So here we’ve got yet another successful trader with several decades of performance to back his reputation, and he’s telling traders that the maximum leverage that they should consider is 3-to-1.

There are only two reasons I can think of that a person would use higher leverage than what the pros use: ignorance or greed.  And once you are made aware of the risk of using high leverage, you can no longer claim ignorance for your excuse.

Protect Yourself

Brokerage firms want you to use the available leverage.  The more you trade, the more commissions they make.  Don’t think for a minute that they’re going to step in and tell you that you’re taking too much risk.

Sure, the brokerage firms will issue margin calls.  But that’s not about protecting you; it’s about protecting them.  Brokerage firms don’t mind if you are burning through your trading capital.  “Churn and burn, baby.”  It’s just when the flames get too close by putting them at risk of a potential deficit that they’ll step in and tell you to wire more money to your trading account or liquidate your positions.

Surely, the good ol’ US government is protecting you, right?  Well, consider this: The SEC just approved the launch of a 4x leverage ETF.

I wrote in a prior post about how leveraged ETFs are constructed as an easy way to the poorhouse.  You can be right on the underlying market and still lose money.  That’s the effect that double and especially triple leverage ETFs can have.

But now the government is going to allow us to trade in quadruple leverage ETFs?!  Maybe it would be more accurate to re-label these genius derivatives as WTFs

The point is that nobody is going to be as careful about protecting your capital as you are.  To be successful, a trader and investor must be proactive and accept personal responsibility.  Part of this includes understanding and setting limits on leverage.

It Can Get Worse

Do you have a trading system that you’ve back-tested over decades of data?  Have you tested it on out of sample data as well?  Have you run a Monte Carlo simulation on it, too?  That’s good.  You’ve done your homework.

I’m sure you also remembered to factor in commissions and slippage in order to get a better feel for real world trading.  You now know what sort of worst case drawdown would’ve occurred, which can help you determine your comfort level for the amount of leverage you’ll use to trade it.  Time to get trading.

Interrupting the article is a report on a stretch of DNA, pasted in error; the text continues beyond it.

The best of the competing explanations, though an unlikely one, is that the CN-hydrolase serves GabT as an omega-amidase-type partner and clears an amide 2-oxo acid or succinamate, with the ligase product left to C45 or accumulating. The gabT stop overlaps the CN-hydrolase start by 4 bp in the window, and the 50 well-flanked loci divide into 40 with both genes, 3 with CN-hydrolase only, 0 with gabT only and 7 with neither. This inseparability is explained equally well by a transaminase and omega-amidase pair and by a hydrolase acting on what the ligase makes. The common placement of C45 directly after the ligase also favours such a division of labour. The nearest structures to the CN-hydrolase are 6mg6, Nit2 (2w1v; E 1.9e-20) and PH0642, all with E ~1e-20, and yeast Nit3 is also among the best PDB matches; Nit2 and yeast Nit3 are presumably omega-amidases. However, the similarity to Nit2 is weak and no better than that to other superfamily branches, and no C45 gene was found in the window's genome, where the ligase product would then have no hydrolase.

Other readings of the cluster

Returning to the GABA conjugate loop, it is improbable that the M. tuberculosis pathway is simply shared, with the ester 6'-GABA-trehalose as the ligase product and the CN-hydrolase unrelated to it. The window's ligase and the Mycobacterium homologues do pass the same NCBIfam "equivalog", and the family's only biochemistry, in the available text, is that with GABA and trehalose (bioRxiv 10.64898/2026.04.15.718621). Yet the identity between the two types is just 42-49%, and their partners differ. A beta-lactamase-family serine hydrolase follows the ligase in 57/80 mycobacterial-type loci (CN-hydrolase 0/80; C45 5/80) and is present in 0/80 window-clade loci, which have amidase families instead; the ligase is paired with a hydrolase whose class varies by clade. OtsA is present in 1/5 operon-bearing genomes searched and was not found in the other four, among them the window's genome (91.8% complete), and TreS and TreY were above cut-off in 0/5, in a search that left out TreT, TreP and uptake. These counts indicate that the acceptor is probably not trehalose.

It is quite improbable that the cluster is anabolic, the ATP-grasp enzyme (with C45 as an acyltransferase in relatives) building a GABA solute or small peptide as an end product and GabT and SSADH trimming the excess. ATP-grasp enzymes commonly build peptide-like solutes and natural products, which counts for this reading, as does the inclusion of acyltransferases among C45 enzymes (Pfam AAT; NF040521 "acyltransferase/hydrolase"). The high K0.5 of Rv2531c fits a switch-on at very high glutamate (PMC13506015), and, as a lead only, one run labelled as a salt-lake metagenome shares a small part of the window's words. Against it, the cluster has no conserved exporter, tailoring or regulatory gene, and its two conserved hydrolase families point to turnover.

Not so fast!

The well-respected trader Peter Brandt said, “A trader’s worst drawdown is the one yet occur.”

Consider that fact that the worst drawdown in your back-testing record or even your real-time track record got that title by being even worse than all the prior drawdowns that preceded it.  That means it’s possible that another drawdown can come along and steal that title at some point.

All records were made by breaking another record.   That can be both a good thing and a bad thing.  On the subject of drawdowns, it’s definitely a bad thing.

Storm Prep

One simple way that a trader can build a protective buffer is to prepare for a drawdown that’s double the size of the biggest one to date.  This means adjusting your risk-per-trade to a level that will allow you to endure such a losing streak.

Furthermore, you may want to calculate what your entire portfolio risk is.  This means looking at the effect of a worst-case-scenario where every position in every sector of your account gets stopped out with slippage.  This drawdown is your Portfolio Meltdown Level.  It rarely, if ever, will happen.  But you still need to be prepared for the possibility of it occurring.

Does that Portfolio Meltdown Level make you sick?  Well, it’s a good thing that you’re calculating it then!  You just discovered that you’ve been taking too much risk…and you’re lucky enough to have not found out from experience.  Dial the Portfolio Meltdown Level back down to your comfort level.  Figure out what you want to set for your maximum risk level for each trade, for each sector, and for your entire portfolio.

Preparing a worst-case scenario defense plan also means reigning in the amount of leverage used.  Just because you have protective stops in for your positions, doesn’t mean your maximum expected risk level is guaranteed.  If some of the rock stars of the trading world think the maximum leverage they should use is 3-to-1 or 4-to-1, then perhaps you should consider adopting these levels as your maximum leverage limits as well.

We don’t know when the storm will hit, but we do know that it’s inevitable that it will happen someday.  Your job as a trader is to make sure that you are taking the necessary precautions to survive it.  Remember that your probabilities of trading survival are inversely correlated to the levels of leverage that you use.